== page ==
Steinkuehler on Massively Multiplayer Online Gaming in American Youth Culture

The new third place: Massively multiplayer online gaming in American youth culture (PDF, Via c.a. steinkuehler – MMOG research.) There was a lot of material in this article that I had already noted in other Steinkuehler articles, but regardless I was able to identify a few more quotable excerpts. Yet again, these quotes are categorized based on the section of my own paper they might appear in. They appear with minimal annotation, and they appear sans any formating – I’ve dragged and dropped from my outliner.


– [ ] “as an educational researcher, I am keenly interested in the
intellectual substance of such virtual worlds: What do people
learn though participation in such spaces? And how is it that
this learning happens?” (Steinkuehler, 2005, p. 20)

Motivation and Engagement

– [ ] “Students who are disengaged and failing basic coursework in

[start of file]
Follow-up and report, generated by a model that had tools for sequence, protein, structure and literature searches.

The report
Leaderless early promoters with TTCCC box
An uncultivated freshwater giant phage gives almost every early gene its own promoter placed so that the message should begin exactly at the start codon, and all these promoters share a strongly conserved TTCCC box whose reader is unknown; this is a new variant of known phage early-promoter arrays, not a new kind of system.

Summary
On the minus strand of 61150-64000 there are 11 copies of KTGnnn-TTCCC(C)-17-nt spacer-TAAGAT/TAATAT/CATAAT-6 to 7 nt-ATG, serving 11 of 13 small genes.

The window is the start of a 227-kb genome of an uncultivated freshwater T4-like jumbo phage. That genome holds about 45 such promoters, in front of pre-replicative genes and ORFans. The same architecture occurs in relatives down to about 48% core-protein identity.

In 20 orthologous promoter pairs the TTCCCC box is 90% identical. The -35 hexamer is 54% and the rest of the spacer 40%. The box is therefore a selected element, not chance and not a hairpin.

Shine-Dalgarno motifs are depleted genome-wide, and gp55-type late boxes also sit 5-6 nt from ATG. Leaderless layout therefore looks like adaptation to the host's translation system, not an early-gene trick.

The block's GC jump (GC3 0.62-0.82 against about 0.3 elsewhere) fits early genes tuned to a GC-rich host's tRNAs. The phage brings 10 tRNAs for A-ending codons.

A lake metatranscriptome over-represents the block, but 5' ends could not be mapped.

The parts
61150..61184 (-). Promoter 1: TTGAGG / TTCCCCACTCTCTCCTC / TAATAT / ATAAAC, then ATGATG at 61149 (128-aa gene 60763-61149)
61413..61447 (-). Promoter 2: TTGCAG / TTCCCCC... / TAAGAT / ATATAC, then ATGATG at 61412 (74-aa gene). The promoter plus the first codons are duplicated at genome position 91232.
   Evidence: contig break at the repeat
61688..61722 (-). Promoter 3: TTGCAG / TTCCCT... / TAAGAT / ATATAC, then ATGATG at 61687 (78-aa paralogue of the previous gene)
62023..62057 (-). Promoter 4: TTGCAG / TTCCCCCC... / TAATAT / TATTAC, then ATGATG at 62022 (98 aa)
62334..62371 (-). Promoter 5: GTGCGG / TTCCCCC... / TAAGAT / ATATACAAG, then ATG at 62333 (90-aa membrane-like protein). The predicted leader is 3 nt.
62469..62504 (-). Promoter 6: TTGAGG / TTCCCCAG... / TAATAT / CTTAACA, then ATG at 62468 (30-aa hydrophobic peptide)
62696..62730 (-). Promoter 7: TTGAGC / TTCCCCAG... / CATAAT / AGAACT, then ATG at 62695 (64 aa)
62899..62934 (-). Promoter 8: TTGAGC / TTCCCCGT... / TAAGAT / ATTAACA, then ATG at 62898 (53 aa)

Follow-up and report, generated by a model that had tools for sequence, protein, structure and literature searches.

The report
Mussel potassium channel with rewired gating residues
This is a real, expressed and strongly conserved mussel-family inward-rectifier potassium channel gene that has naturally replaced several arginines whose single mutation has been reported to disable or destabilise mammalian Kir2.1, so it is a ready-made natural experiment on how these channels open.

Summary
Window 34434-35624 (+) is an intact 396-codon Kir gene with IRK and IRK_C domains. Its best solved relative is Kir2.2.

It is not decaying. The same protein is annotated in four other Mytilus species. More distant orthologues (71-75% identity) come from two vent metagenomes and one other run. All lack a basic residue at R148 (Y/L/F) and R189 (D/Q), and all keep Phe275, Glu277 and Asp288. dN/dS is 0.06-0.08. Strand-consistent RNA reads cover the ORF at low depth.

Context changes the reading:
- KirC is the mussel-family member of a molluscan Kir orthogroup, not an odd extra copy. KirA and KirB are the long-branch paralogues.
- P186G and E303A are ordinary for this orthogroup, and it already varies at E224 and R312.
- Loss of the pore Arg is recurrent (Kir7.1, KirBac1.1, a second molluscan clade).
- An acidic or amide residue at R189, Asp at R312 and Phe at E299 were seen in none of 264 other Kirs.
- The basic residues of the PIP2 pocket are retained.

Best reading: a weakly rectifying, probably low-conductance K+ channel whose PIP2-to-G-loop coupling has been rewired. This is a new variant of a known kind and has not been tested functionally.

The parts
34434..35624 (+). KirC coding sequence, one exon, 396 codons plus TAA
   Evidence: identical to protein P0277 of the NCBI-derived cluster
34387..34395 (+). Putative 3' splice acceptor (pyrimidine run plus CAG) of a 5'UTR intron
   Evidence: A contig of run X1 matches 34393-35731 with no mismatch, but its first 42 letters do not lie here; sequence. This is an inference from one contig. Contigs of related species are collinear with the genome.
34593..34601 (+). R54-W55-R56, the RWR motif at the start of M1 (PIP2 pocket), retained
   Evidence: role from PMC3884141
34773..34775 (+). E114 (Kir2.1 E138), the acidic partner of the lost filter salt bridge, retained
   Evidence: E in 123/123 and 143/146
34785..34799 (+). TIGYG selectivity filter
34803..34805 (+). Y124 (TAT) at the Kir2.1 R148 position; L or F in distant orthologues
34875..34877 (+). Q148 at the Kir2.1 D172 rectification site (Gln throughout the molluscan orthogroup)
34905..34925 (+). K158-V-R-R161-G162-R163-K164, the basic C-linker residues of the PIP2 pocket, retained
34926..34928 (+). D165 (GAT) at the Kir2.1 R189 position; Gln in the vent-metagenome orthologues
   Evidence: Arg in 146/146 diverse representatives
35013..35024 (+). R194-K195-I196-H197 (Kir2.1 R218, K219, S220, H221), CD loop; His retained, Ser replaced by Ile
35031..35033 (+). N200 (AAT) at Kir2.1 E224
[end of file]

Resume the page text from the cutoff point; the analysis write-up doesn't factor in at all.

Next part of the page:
school spend substantial time outside of class playing, sharing,
discussing, and mastering the latest video game” (Steinkuehler,
2005, p. 30)

Socially Negotiated

– [ ] MMOGs “operate as sites for socialization, enculturation, and
learning.” (Steinkuehler, 2005, p. 30)


– [ ] “My sincere hope is that education does not make [an] error of
underestimation when it comes to the capacity of such spaces to
profoundly shape the cognition and culture of the net-generation
of kids.” (Steinkuehler, 2005, p. 29)
– [ ] “Videogames such as MMOGs are sites for socially and materially
distributed cognition, complex problem solving, identity work,
individual and collaborative learning across multiple multimedia,
multimodality ‘attentional spaces’ (Lemke, n.d.), and rich
meaning-making and, as such, outght to be part of the educational
research agenda.” (Steinkuehler, 2005, p. 30)


Steinkuehler, C. A. (2005). The new third place: Massively multiplayer online gaming in American youth culture. Tidskrift Journal of Research in Teacher Education, 3, 17-32.